Because of the kinds of jobs I do, I’m always looking for something that is cheap, filling, good, low sodium, low glycemic index, requires little refrigeration, and microwaves easily, to serve as a “good lunch”. And although I’m very happily omnivorous, I’m conscious of the kinds of themes that Michael Pollan touches on in the books, “Omnivore’s Dilemma” and “In Defense of Food“. I’m equally aware of the kinds of issues that Mark Bittman touches on in “Food Matters“, in the article “Vegan Before Dinnertime“, and in what I regard as his best article, “Putting Meat Back in Its Place.” And I believe this “more plants, less meat” trend is attracting attention not because it’s outrageous, but because it makes both sense and dollars and cents. In the case of the “good lunch”, interestingly, these disparate themes merge. Vegan dishes tend to have all the traits I’m looking for, and I can control the salt content if I cook it myself.
Kashi makes a number of prepared products, some of them good, others really good, but they also make a 7 grain cereal mix:
Kashi 7 grain pilaf.
With 2 cups of water and a cereal packet from the box, you can make a nice hot cereal in about 25 minutes.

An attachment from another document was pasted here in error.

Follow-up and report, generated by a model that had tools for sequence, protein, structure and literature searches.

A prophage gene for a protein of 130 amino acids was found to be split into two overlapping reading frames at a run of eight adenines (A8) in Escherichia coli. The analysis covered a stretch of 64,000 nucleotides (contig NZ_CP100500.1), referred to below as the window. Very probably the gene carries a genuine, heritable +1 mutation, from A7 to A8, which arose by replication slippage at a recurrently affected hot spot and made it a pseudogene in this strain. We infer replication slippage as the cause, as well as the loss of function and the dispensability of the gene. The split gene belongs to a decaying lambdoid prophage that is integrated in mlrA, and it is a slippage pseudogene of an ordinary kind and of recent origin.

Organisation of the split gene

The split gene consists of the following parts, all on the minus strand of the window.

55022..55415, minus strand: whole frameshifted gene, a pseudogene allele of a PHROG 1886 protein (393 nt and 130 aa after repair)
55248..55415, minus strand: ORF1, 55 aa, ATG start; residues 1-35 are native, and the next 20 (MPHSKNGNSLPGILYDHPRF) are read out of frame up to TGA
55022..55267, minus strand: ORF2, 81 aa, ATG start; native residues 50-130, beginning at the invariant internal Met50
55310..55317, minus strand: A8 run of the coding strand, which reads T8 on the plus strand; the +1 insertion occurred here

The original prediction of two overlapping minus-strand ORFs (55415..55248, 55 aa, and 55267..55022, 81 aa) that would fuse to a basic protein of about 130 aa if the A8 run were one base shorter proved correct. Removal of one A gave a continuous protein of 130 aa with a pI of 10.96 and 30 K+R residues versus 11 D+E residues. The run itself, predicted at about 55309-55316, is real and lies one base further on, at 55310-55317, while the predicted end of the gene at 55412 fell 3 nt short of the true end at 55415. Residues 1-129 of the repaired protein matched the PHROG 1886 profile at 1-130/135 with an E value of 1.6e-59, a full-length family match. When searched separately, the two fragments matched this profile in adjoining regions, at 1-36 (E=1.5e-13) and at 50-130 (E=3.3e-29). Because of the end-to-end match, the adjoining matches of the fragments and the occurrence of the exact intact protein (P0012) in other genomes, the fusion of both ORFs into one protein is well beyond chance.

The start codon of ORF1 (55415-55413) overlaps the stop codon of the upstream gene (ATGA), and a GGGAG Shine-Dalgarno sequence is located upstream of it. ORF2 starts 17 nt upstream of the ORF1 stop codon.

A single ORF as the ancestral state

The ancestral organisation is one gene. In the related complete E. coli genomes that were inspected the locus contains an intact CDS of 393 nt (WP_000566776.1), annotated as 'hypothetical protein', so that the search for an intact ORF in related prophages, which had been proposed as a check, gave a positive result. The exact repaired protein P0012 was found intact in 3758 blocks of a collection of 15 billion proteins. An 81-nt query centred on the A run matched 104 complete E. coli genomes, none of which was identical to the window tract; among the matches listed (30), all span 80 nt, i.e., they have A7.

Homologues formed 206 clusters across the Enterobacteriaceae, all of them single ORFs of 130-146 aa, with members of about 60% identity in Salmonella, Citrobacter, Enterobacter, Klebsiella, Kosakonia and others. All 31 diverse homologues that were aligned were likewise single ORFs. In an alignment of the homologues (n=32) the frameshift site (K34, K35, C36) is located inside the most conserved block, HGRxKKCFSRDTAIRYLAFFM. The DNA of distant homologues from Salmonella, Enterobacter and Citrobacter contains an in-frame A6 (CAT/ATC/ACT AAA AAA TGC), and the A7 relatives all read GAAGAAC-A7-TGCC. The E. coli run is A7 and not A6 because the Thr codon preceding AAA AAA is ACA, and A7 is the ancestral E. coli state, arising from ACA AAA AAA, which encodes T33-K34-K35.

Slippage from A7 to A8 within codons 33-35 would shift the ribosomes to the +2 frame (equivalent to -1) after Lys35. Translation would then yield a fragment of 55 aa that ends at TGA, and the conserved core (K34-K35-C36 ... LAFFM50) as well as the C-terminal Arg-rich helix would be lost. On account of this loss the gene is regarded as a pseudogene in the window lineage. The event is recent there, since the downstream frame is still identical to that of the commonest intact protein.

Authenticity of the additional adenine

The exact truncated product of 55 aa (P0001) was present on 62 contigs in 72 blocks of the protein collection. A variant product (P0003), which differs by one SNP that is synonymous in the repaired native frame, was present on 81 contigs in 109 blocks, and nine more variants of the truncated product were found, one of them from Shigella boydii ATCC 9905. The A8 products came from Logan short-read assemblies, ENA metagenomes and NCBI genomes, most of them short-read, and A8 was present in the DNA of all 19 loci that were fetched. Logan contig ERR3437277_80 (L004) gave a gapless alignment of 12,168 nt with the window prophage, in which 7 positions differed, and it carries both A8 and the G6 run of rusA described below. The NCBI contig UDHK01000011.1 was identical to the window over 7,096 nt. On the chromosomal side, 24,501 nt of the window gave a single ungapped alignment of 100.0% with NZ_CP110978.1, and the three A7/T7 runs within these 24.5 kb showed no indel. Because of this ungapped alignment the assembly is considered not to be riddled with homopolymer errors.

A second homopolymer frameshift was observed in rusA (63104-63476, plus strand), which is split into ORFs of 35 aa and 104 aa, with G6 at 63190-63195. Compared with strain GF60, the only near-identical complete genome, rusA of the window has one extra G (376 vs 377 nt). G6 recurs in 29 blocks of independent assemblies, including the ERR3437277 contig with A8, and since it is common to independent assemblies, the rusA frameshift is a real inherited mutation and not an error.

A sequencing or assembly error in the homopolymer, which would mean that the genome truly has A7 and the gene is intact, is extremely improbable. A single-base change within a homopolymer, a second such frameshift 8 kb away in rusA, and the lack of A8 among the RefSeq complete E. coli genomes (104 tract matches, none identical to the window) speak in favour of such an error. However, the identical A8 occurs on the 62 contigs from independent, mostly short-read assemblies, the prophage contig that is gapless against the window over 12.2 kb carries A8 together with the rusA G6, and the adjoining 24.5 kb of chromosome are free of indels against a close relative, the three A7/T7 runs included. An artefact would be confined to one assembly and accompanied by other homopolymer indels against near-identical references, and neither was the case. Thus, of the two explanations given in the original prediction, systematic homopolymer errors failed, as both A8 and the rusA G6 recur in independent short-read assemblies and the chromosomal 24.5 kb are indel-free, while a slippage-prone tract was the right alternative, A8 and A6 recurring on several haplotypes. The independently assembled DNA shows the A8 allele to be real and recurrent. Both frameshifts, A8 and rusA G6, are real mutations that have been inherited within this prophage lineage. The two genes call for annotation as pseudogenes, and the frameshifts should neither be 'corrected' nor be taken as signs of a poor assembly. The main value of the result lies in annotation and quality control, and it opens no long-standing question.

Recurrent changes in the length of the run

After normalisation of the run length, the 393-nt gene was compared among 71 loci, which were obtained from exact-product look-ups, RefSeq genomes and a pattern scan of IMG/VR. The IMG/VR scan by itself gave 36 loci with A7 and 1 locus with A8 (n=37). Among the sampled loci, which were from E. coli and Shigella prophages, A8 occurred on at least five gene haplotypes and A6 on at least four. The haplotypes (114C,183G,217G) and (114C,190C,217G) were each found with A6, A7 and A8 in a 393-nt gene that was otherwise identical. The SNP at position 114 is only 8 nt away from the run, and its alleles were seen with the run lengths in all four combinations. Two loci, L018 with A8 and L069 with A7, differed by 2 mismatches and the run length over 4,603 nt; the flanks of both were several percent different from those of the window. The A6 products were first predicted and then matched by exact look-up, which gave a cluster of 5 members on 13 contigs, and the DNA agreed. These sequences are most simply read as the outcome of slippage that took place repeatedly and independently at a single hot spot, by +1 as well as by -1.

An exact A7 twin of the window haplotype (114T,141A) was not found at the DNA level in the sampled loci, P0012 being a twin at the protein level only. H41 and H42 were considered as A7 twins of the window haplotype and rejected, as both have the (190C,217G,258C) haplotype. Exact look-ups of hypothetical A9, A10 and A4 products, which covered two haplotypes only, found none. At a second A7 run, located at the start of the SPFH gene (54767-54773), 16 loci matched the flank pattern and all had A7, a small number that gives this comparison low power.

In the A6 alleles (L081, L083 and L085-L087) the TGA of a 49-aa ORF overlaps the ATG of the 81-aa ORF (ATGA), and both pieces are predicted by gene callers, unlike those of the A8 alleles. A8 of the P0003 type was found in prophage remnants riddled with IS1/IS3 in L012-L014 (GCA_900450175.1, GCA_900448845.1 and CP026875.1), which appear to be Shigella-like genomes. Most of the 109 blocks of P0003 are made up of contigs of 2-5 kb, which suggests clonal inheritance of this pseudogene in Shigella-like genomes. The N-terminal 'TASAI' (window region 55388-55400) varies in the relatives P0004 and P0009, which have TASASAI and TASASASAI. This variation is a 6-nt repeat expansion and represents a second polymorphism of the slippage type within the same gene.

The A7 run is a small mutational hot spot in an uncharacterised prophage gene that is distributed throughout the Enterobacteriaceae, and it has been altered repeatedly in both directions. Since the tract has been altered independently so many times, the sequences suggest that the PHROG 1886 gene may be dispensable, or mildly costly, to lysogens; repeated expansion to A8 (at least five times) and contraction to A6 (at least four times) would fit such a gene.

Uncooked kashi, with 2 cups of water
I was thinking I didn’t want just cereal, and it would be a shame to waste those nice grains. So I decided on a stir fry. To note, there are very few Kashi based stir fries in the blogosphere, and this one from the Plain Cook site is more complicated than I wanted.
Total time required: ca 40 minutes.
1 package Kashi 7 grain pilaf.
2 cups water
1/2 yellow onion, diced
2 carrots, sliced finely
2 stalks of celery, sliced thin
1 poblano pepper, sliced thin
1 red bell pepper, diced
some green onions
2 cloves of garlic, sliced thin.
ground pepper to taste
2 tablespoons of olive oil.
So, we put the kashi in a pan once the water is boiling and simmer 25 minutes. In my case, it wasn’t quite done at 25, there was still some water, but I had started and ended the first 25 minutes with the pot covered. I’m much more likely to leave it uncovered after 10 minutes or so, if I do this again.
Prepare the vegetables as the kashi simmers and just before the kashi is ready, add olive oil to a pan and heat the pan on high. Once the pan is hot enough, add vegetables, and reduce the heat to medium.
Vegetables, ready to stir-fry.
Let the vegetables cook for 5-7 minutes, stirring, waiting for the onions to begin to turn translucent. At this point add the kashi and let it cook for about 3 minutes more. Afterwards, put the stir-fry into serving bowls and season to taste.
A kashi stir-fry. Season to taste.
The recipe above serves about 3-4. In practice, kashi is a bit stickier in the pan than quinoa, so my suggestion is transfer it into microwave bowls (that portion you’re preserving for lunch) as soon as you can.
The vegetables I chose were simply those I had around. You can substitute as you wish (cubes of zucchini would be good here, and I’m personally fond of baby bok choy).